Theresa May is to reshuffle her cabinet on Monday, with a number of new faces expected to join her top team.
No 10 has described reports Education Secretary Justine Greening and Health Secretary Jeremy Hunt will be among those moved as “all guesswork”.
Philip Hammond, Boris Johnson, Amber Rudd and David Davis are among key figures expected to stay in place.
Labour said Mrs May should focus on the pressures in the NHS rather than what it said was a “desperate PR exercise”.
Other current ministers reported to be vulnerable include Leader of the House of Commons Andrea Leadsom, Business Secretary Greg Clark and party chairman Patrick McLoughlin.
The reshuffle, which will continue into Tuesday, is being seen as an opportunity for Mrs May to promote more women, with female ministers only currently making up six of the 23 full members of her top team.
She is also under pressure to preserve the balance between Brexit sceptics and enthusiasts, while showing the government has a purpose beyond leaving the EU, which critics say is monopolising ministers’ time.
The changes, which will be Mrs May’s third reshuffle since becoming PM in July 2016, were triggered by her sacking of Damian Green last month as first secretary of state.
BBC political editor Laura Kuenssberg says whilst prime ministers do not have as much power to shape their fortunes as the position suggests, Mrs May can at least choose the timing of this “big set piece moment in politics”.
There’s long been talk of a cabinet reshuffle and now Mrs May is finally going through with it – albeit she has been pushed into it because she had to sack her second-in-command Damian Green over porn allegations – which has left a gap at the top table.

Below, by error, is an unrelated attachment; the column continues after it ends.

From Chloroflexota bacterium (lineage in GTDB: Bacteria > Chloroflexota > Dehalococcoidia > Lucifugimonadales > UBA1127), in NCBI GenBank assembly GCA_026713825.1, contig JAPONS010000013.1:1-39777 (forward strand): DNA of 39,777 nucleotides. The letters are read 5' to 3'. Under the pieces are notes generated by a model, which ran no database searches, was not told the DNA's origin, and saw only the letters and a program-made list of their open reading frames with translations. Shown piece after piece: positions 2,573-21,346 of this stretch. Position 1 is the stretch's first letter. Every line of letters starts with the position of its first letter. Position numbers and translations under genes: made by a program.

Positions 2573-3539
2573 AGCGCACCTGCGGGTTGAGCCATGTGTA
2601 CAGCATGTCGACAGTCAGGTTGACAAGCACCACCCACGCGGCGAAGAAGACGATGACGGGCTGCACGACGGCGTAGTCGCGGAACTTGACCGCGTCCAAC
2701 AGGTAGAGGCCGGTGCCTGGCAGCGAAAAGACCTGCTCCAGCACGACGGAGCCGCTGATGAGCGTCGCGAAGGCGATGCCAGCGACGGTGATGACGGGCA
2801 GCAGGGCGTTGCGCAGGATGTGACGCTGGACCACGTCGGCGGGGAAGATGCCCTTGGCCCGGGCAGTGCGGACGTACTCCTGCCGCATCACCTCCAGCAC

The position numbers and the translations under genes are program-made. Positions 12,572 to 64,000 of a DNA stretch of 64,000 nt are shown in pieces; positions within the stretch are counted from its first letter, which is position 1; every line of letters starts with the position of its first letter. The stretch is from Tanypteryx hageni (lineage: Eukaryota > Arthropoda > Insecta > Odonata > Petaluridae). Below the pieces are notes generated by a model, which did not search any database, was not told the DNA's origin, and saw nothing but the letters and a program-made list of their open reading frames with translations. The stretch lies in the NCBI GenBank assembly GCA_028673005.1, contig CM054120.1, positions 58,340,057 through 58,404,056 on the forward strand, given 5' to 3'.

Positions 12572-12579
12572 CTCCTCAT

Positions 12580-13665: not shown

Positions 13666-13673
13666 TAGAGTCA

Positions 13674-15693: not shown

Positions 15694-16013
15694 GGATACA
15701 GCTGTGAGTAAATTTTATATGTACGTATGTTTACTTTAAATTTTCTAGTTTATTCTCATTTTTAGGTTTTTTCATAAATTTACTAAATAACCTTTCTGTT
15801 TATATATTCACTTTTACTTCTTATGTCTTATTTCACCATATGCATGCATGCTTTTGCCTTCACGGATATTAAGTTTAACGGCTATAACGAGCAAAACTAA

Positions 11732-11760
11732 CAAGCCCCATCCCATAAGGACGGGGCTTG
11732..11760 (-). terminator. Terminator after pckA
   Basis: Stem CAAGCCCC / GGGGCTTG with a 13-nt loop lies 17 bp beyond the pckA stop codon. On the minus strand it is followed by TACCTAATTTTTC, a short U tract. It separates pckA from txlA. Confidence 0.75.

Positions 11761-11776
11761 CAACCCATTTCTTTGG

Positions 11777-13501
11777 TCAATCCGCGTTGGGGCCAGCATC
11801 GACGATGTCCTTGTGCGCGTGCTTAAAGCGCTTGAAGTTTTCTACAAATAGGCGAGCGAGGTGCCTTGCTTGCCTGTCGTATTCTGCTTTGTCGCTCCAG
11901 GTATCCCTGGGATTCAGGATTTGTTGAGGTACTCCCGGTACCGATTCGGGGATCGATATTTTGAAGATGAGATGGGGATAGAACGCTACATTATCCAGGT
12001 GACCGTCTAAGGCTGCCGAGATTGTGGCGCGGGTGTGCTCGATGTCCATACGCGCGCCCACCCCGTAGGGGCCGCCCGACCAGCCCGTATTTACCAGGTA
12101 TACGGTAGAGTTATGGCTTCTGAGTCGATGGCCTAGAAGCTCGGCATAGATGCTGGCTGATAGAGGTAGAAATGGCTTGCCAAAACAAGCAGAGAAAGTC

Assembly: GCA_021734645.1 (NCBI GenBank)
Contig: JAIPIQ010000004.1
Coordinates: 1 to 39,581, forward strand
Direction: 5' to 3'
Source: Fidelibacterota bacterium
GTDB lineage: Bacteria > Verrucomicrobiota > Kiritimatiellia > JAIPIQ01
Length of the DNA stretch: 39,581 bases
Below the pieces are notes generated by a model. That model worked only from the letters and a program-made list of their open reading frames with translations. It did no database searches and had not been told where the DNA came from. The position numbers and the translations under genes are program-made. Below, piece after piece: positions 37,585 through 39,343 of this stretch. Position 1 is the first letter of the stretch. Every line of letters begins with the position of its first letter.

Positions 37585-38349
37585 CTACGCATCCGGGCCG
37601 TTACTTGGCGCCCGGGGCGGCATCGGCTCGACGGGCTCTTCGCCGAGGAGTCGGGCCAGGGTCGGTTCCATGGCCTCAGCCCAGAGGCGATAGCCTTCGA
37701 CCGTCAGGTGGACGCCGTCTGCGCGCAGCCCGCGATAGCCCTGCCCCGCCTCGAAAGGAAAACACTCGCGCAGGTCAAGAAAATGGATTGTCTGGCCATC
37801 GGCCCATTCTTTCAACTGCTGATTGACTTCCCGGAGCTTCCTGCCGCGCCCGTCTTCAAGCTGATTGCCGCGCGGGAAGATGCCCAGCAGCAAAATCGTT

The fact that she’s having an actual reshuffle could be seen as a sign that Mrs May is more emboldened now than she was after her party’s dismal performance in the general election, when she had no real choice but to soldier on.
But if, as the speculation suggests, only a few middle-ranking ministers get moved about and the big beasts like Chancellor Phillip Hammond and Foreign Secretary Boris Johnson stay put, it brings into question just how much strength Mrs May really has to shake things up.
There are those in the Conservative Party who want to see new talent rising up the ranks, so expect to see a nod to that.
But the danger for a prime minister with a tiny majority is that for everyone she promotes, another disgruntled potential enemy hits the backbenches, and Theresa May doesn’t need any more rebels.
Mr Green was fired from his position, a role in which he was effectively Mrs May’s deputy, in December after making “misleading statements” to the press about pornography found on his office computer in 2008.
There has been speculation Mr Hunt could be promoted to take on the role – which would see him deputise for Mrs May at Prime Minister’s Questions and chair a host of influential cabinet sub-committees on Brexit.
Mr Hunt, who has been health secretary for more than five years, was a remain supporter during the referendum but has been critical of the EU’s approach to the negotiations since then and has said warnings about the economic damage of leaving the EU have so far been over-stated.
Labour said if she promoted Mr Hunt, Mrs May would be “betraying” patients at a time when the NHS was going through one of the worst winter crises in its recent history.
“The prime minister is clearly detached from reality if she thinks the NHS was properly prepared for this winter,” Labour MP Andrew Gwynne said on Sunday.
“The prime minister should be singularly focussed on addressing this problem, and not engaging in a reshuffle that is little more than a desperate PR exercise.”
Alternatively, Mrs May could choose to dispense with the title of first secretary – which has not always been filled by some prime ministers – and instead simply appoint someone to the lower-ranked job of Cabinet Office minister which Mr Green also held.
Speaking on Sunday, the PM told the BBC’s Andrew Marr she would be making changes imminently but would not respond to speculation about how far-reaching they would be.
She had reportedly planned a sweeping overhaul of her cabinet before June’s snap election but after failing to win the election outright she ended up only making a number of modest changes.
This led to accusations of political weakness and claims from opponents that she was only continuing in the job at the behest of senior figures around her.
In the past two months, as well as losing Mr Green, the PM has also seen defence secretary Sir Michael Fallon quit amid allegations around his conduct and Priti Patel resign as international development secretary after a row over unauthorised meetings with Israeli officials. Both have since been replaced.